Children are born to individuals, but they do not belong to them. They are part of society, just like you and me. They are entitled to care from birth and somebody has to have that responsibility. Why are we happy for babies to go to state nurseries (paid for by our taxes), but not to be brought up by their own mothers (or fathers), at a time in their life where they need specialist one to one care? Allowing women maternity leave is not giving women a holiday; it is a vital contribution to society. In a society where more and more women choose not to have children (as is their right), and most women cannot afford not to work, maternity leave is vital to ensuring that people can and do have children (also their right). Not employing women because you don’t want to pay maternity leave is incredibly short-sighted. It fails to recognise that an investment in children is an investment in your future employees and in your future customers. It fails to see that families where women don’t or cannot work do not have the money to buy the luxuries and services our economy relies on. It is also vital to ensuring that women are not disadvantaged by the fact they play such an important role in their contribution to society.

Saturday, 5 July 2008


I am away me holidays people. I will be back in a week. Probably no posting afore then cause I am going to an internetless wonderland (I hope)! See you when I get back.

Friday, 4 July 2008

A Thought Experiment, or Empowerfulising Pink.

I was doing some reading recently that suggested that all cultures are created by men. Now, I would agree that, as far as we know, most cultures predominantly value men and the things they do over those of women. But, historians actually spend quite a lot of time discussing ‘women’s cultures’. They may not have had broader cultural or social significance or authority, but, women, in their various denominations, often had cultures, based around work, leisure, support networks, children and much more. These networks or groups allowed women to share resources, gossip, stories and to create their own values that were distinct (if not entirely removed from) patriarchal culture. They were often a place of power for women, even if that power restricted, and could also work to support women in their interactions with men.

So today I was in Halfords and there was a HUGE range of accessories for cars in, you guessed it, pink. And not a nice tasteful pink, but that particular shade that seems to predominate when things associated with men are girlified. And I thought, who on earth buys this stuff; I could barely walk down the aisle holding it. And it got me thinking about female culture. Do women buy into ‘pink’ merchandise or other similar facets of femininity in attempt to create a shared female culture? Can we see it as an attempt to create a distinct ‘women’s space’ that is exclusive to women and from which they can draw power (through excluding men and shared sisterhood), even if this power is restricted?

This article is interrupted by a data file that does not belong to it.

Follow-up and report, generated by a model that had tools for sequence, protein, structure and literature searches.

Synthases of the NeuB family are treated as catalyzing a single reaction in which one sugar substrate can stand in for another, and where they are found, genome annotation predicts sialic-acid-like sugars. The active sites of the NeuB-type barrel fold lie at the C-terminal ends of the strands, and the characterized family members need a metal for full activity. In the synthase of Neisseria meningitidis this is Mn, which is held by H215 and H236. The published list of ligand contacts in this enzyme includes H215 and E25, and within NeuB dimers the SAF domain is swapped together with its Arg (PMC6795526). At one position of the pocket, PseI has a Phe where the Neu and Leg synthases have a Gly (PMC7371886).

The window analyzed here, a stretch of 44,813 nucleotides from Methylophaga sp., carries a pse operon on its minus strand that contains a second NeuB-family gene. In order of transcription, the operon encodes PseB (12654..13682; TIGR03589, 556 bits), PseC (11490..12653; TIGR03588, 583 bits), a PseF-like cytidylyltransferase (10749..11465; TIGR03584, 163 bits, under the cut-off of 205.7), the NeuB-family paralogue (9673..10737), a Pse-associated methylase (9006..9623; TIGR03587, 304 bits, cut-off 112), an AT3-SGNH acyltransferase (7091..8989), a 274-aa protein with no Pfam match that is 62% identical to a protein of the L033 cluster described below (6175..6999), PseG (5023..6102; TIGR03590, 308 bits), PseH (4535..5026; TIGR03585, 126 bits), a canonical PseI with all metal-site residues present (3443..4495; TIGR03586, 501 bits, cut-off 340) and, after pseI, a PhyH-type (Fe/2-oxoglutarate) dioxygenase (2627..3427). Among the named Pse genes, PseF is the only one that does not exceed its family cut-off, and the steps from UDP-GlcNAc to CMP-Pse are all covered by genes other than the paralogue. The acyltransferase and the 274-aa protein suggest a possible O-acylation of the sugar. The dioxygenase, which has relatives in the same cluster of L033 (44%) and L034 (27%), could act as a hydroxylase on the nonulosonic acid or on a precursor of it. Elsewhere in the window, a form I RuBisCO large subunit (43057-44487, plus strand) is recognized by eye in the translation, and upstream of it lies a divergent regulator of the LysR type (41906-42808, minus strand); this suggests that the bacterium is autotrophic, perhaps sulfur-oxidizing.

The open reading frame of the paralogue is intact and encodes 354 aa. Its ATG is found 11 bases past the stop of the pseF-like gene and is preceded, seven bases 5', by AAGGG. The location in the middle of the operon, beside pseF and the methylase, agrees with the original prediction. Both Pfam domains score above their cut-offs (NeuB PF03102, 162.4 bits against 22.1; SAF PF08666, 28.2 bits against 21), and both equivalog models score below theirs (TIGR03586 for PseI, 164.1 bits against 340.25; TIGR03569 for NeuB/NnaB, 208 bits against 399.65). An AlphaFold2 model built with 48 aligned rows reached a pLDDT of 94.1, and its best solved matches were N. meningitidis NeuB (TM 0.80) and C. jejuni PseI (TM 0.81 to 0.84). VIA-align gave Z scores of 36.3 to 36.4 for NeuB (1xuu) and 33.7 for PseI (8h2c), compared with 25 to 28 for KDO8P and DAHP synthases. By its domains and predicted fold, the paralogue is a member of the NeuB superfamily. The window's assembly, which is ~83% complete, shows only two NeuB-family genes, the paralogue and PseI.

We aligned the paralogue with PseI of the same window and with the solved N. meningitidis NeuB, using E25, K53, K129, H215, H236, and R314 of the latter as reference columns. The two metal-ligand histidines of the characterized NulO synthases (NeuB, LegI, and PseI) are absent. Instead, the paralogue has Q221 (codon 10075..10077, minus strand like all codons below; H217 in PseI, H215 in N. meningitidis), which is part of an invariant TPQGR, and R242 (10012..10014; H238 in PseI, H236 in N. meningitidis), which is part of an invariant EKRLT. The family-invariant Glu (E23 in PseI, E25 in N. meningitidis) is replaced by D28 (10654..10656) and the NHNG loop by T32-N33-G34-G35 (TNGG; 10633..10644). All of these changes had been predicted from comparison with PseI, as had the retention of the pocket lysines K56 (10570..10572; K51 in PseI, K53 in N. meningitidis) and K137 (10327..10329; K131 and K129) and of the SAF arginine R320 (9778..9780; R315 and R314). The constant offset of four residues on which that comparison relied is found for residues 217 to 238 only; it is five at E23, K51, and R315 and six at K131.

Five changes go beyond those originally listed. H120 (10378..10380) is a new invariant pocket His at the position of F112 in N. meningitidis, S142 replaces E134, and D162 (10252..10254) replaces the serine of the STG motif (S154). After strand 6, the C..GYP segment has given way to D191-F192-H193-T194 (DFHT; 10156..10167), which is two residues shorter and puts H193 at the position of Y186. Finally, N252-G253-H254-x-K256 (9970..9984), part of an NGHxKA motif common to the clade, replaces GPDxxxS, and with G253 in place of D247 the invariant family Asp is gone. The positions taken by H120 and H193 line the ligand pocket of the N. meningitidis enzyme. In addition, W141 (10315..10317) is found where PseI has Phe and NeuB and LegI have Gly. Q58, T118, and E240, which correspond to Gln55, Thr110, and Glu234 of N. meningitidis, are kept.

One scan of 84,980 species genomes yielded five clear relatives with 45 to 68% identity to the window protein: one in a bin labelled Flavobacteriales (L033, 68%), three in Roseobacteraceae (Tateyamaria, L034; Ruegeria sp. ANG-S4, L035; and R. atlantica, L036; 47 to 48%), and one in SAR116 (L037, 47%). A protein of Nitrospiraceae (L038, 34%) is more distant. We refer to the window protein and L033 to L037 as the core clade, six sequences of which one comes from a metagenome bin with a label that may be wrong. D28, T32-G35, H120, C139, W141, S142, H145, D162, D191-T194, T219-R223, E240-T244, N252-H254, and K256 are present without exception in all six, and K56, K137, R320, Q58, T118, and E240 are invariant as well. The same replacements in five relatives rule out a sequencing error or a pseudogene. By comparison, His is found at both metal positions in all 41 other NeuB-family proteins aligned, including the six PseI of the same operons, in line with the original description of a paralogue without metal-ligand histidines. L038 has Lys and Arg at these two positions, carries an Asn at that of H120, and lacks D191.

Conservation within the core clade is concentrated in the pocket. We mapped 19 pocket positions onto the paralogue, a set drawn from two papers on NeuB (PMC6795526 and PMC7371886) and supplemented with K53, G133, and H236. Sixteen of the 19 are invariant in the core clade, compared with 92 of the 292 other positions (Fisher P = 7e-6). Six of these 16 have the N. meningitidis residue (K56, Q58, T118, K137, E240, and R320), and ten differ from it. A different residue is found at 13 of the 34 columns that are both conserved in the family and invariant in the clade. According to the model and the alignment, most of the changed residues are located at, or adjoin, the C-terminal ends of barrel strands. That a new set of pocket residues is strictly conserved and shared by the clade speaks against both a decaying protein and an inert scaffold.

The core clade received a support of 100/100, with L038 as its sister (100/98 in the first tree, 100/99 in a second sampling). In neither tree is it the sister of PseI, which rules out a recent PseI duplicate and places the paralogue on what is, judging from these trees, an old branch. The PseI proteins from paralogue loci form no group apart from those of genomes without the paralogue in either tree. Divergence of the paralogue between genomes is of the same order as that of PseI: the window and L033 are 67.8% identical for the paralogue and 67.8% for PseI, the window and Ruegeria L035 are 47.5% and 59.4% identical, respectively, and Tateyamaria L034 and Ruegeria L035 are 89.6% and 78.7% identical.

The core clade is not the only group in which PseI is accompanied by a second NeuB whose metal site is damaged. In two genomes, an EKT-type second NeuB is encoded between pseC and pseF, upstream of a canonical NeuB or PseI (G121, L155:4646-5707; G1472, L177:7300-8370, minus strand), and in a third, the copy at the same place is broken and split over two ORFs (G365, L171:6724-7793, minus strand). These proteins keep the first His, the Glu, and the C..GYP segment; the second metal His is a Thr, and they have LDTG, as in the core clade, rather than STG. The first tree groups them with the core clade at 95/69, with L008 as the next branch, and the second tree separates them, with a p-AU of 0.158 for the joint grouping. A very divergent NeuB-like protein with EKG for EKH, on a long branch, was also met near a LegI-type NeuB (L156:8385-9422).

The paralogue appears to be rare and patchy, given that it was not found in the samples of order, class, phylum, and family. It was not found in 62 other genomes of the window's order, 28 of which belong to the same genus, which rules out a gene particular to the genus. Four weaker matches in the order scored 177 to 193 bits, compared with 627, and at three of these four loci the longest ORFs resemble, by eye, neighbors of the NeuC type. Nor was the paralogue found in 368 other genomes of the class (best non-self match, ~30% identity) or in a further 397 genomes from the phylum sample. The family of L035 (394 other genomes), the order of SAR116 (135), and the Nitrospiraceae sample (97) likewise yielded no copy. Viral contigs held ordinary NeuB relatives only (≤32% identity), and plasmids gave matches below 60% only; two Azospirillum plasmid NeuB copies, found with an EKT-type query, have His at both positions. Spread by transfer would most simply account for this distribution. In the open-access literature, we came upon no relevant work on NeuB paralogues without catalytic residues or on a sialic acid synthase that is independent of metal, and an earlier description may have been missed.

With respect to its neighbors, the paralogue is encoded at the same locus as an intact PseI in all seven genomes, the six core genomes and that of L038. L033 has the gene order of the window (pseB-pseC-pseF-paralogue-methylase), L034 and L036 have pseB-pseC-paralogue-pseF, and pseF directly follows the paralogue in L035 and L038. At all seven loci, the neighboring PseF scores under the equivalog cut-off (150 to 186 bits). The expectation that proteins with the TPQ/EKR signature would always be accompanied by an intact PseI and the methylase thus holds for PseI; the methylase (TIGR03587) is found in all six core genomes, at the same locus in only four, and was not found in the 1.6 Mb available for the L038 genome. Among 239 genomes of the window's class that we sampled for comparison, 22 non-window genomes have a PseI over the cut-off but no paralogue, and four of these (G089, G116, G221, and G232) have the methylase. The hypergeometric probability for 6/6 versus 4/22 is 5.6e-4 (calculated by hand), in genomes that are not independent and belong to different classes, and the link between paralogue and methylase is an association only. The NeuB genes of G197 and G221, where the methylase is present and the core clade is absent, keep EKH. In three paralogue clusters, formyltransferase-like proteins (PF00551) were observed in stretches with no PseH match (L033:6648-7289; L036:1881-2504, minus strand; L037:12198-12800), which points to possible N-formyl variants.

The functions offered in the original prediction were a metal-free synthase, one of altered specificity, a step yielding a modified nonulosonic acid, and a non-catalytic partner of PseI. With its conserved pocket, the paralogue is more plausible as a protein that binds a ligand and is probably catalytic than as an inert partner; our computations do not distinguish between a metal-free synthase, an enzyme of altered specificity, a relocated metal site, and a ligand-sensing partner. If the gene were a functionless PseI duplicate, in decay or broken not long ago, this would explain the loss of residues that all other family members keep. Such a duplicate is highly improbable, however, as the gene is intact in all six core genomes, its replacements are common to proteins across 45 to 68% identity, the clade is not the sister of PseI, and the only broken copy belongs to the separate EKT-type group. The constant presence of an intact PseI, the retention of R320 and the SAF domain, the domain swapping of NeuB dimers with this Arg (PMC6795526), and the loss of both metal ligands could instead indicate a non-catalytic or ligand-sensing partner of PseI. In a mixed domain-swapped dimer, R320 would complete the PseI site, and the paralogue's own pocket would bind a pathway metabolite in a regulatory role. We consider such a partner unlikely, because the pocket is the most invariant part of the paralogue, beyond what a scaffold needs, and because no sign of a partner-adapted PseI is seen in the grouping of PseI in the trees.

Now, I am not really suggesting that pink is the new feminism. Its association with girls, and thus its infantilisation of adult women, plus the fact that it is not a women-created culture, but one placed upon women by merchandisers, make it more than a bit problematic. But, perhaps, it is time to start claiming power in women’s cultures; to stop buying into a value system that trivialises anything associated with women and femininity; to ask what it gives to women and do they gain strength from it, before we castigate it as ‘womanly’ and shun it.

If we want to move beyond gender, then we need to think about what we want a new world will look like, and, perhaps it’s just me, but I tend to be suspicious of a vision of the future that buys into a world where women and anything associated with them is automatically shunned.

Thursday, 3 July 2008

Backlash! Or, Feminism is Good for Men.

The Fword reports on the most recent backlash against women’s rights, leading to a discussion of whether women will ever lose the rights we have gained, perhaps especially cogent in the recent attempt to reduce abortion access. While I think that it is very possible that women’s rights may be reduced, and we should be careful to protect them, I don’t think we shall ever go back to previous age.

Why? Because feminism is good for men.

In the patriarchal societies in the past, male power was balanced with considerable responsibility. In a world where women’s economic opportunities were limited, either by domesticity or unequal wages, men were responsible for providing for wives, daughters and other unsupported women, such as orphaned sisters or widowed mothers. They were expected to keep them in ‘ the manner in which they were accustomed’. Feminism made the responsibility for provisioning households more equal.

This restriction within patriarchal societies, in part, justified stringent or non-existent divorce laws. Men, who separated or divorced their wives (and for most purposes this was the practical economic result), were expected to provide for them throughout the remainder of their lives. This alimony was considerably larger than contemporary settlements that expect women to work after divorce. Feminism brought divorce and separation legislation.